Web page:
Psychological help for Ukraine. How did the WNS researchers help?

Help for Ukraine at the Faculty of Social Sciences has been in full swing since the first moments of Russia's attack on the country. On February 25th, the 'Students for Ukraine' collection started, thanks to which necessary items are sent to our eastern neighbours and handed over to refugees in the Tricity.

The issue of long-term assistance for refugees has arisen.

People fleeing war-torn places are at risk of post-traumatic stress disorder, high levels of anxiety and depression, among other things. Pregnant women, young mothers and those in adolescence are particularly at risk. 

The problem was addressed by psychologists from our University: dr hab. Małgorzata Lipowska, prof. UG, dr Agata Rudnik and dr Małgorzata Chrzan - Dętkoś. The form of assistance varies, but each of these activities facilitates the delivery of professional psychological help to people who need it most now.

dr hab. Małgorzata Lipowska, prof. UG

Dr hab. Małgorzata Lipowska, prof. UG, Pomorskie Voivodeship consultant for clinical psychology. Together with 15 consultants and the Laboratory of Psychological and Pedagogical Tests from Gdańsk, she has developed a bilingual, detailed developmental interview questionnaire that will help psychologists, teachers and GPs to examine children from Ukraine.

- 'Refugees from Ukraine, especially children, need psychological help' is a slogan that appears in almost all media. However, the problem is that it is not clear exactly how it should be provided. The first barrier is language. I was still learning Russian, but for many years now, there is only English, French and German in schools. Moreover, not all refugees speak Russian, especially children. 

Ukrainian children come to us from a war-torn country, some of them literally 'walked over dead bodies', but families unaffected by warfare also come to Poland, but this does not mean that they do not need help. Carers with children about whom we know nothing come for support. What is worse, we cannot communicate with the mother. It is very difficult to judge 'at a guess' whether a child who e.g. does not speak is traumatised by war or perhaps does not speak due to e.g. autism. Therefore, I called the Psychological and Pedagogical Testing Centre in Gdańsk, which has been cooperating with us for years. The core of the laboratory are graduates of the Faculty of Social Sciences of the University of Gdańsk, our former students and doctoral students. I contacted them because last year, the Laboratory prepared a Polish adaptation of the TONI-4 Nonverbal Intelligence Test, which is of course culturally independent, which is perfect, isn't it?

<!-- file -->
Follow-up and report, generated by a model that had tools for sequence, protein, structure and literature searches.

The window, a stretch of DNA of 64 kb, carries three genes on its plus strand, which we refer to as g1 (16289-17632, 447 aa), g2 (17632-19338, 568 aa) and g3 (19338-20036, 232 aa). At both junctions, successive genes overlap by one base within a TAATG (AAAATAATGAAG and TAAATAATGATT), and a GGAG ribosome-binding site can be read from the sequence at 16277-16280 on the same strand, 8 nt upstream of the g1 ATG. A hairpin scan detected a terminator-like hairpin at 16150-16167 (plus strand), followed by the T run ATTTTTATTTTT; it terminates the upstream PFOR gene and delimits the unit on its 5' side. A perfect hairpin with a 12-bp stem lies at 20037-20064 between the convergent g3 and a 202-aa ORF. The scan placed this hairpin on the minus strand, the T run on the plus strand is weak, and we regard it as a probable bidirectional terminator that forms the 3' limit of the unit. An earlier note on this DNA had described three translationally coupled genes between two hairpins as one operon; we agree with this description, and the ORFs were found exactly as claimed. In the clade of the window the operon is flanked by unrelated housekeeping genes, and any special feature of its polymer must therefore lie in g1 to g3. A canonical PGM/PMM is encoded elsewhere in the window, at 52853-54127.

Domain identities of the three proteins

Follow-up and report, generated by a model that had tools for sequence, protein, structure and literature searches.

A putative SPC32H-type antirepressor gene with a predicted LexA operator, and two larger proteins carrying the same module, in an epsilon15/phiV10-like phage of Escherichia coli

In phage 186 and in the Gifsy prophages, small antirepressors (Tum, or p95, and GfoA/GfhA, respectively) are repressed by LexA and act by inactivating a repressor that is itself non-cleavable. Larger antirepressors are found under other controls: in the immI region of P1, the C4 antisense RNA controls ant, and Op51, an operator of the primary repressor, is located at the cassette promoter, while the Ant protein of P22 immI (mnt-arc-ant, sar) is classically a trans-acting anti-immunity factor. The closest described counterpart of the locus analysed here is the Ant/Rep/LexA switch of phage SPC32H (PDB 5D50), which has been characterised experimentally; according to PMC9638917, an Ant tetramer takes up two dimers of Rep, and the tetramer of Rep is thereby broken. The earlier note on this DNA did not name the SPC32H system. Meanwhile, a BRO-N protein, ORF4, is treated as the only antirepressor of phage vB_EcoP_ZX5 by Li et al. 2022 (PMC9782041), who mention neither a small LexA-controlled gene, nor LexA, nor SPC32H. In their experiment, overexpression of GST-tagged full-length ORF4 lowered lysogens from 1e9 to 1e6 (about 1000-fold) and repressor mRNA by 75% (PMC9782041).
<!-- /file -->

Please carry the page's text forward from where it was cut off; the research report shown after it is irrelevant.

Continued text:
The response was immediate, the Unit sent out free test kits and other materials useful for testing non-Polish speakers to all voivodship consultants in Poland. We distributed them among institutions in different provinces. However, this still did not solve the basic problem, namely that we could not communicate with these patients. 

In a collaborative effort, I and 15 clinical psychology consultants from other voivodeships joined remotely with representatives of the Psychological and Pedagogical Testing Centre in Gdansk, to think among specialists about what we could do in the short term.

extract from the development interview questionnaire

extract from the development interview questionnaire

After this conversation, we knew that first of all we had to prepare a bilingual, detailed development interview questionnaire. As consultants, we are all clinical psychologists, but everyone deals with something different, so when working on the questionnaire we divided the areas. We prepared questions from the most basic to the most detailed. The Laboratory of Psychological and Pedagogical Tests coordinated the work, again free of charge, translated the prepared questions into Ukrainian, gave them a uniform form and developed the interview questionnaire graphically. It is now free for everyone to download.

This questionnaire is not only an auxiliary material for psychologists. We have prepared it so that it can be used by a teacher, doctor or anyone who deals with a child coming from Ukraine. There are some more advanced questions about, for example, neurodevelopmental disorders, but you do not need to answer them if the interviewer does not need this information. This questionnaire can only be partially completed.